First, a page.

I carefully read this book and found out that Mr. Burrell wrote it with devotion and his memories on HRH Diana are tender and respectful. it is very well written and I congratulate with the writer and his family for the strength, love and courage in protecting HRH's memory.
Very well done.
Thank you Mr. Burrell
8 of 17 people found the following review helpful
1.0 out of 5 stars Fawning Lickspittle,
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This review is from: A Royal Duty (Hardcover)For all of the controversy surrounding this book, what is most striking about this gushing love story is how it shows what an anachonism the Royal Family and all of their flunkies really are.It is 2003 and these people are pampered by brainwashed zombies like Burrell day and night , fawned over and have every whim indulged. Yet they are as dysfunctional as any other family in this dysfunctional new millennium. As for Burrell, I doubt whether his long suffering wife Maria would get such a warm , heartfelt tribute written for her by him upon her death.He got too close to Princess Diana ,should not have fallen in love with her and this book is the cringing account of a broken hearted man. Cue the violins someone.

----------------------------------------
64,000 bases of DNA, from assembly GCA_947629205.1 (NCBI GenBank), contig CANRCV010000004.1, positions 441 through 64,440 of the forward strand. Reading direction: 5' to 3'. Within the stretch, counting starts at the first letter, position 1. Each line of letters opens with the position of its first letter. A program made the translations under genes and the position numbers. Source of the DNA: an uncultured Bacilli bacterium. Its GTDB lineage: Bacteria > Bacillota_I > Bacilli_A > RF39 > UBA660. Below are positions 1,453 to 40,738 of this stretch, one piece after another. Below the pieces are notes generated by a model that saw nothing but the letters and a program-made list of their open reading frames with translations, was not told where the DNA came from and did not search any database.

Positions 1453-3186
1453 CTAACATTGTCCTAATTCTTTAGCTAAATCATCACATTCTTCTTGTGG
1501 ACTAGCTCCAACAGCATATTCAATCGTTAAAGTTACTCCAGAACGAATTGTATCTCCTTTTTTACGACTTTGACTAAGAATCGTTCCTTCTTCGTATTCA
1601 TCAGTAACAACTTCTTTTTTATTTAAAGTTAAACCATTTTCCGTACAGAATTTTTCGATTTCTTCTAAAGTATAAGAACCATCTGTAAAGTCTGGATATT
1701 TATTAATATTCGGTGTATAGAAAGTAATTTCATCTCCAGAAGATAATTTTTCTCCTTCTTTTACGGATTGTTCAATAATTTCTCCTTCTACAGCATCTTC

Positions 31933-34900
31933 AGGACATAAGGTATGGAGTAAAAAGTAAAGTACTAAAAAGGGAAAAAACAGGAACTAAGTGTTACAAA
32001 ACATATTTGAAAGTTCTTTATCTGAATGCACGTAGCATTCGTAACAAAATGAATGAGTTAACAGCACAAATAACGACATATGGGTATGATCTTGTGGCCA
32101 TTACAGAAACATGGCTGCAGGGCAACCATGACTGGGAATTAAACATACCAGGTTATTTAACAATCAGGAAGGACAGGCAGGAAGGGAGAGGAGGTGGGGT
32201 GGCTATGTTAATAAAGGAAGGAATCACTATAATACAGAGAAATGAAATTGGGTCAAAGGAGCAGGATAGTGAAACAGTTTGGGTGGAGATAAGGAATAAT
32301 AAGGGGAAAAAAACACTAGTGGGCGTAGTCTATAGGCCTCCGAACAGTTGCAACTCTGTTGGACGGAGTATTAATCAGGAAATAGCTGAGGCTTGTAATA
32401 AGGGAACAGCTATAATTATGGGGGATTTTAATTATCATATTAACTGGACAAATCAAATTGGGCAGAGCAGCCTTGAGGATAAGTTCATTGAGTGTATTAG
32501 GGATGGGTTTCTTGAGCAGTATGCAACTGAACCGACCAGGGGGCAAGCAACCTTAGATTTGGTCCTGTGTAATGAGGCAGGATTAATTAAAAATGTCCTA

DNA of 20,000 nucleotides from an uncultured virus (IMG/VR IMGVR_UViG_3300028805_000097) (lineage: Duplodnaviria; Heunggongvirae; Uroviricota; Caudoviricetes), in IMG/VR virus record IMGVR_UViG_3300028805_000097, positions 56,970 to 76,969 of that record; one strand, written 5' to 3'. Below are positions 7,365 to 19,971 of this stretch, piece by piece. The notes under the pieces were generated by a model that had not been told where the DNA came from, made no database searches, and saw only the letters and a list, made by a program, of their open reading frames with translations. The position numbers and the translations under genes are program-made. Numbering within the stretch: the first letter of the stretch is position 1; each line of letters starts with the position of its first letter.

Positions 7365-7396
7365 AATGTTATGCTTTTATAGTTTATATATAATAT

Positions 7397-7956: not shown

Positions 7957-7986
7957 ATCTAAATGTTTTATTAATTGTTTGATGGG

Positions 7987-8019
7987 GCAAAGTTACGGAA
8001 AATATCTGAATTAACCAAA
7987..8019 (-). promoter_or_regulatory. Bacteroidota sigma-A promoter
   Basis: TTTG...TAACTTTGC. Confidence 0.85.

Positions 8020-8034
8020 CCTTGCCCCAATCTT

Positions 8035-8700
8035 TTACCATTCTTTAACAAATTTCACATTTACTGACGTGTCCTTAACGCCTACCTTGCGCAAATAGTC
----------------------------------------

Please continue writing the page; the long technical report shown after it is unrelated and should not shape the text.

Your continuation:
3 of 8 people found the following review helpful
1.0 out of 5 stars Dull and Uninformative,
This review is from: A Royal Duty (Hardcover)Sorry Paul but, in your efforts to protect Diana and the Royal Family, you reveal nothing in this book but your admiration of her and 80% of this book is text to support your belief in your relationship with her and to prove your innocence, which most people never doubted any way. Rather than aiming this book for the general public, I feel it is just a testimony that you should have written solely to your ex-employers and Diana's family. If we are looking for facts and a candid portrait of Diana, your book would be the last thing to give us this.
written by Clare K.
2 of 6 people found the following review helpful
1.0 out of 5 stars In Royal Service by Paul Burrell,
By A Customer
This review is from: A Royal Duty (Hardcover)The book was quite interesting to start with, describing Paul Burrell's early days in Royal Service, and towards the end at his trial at the Old Bailey but I was extremely disappointed with the remainder.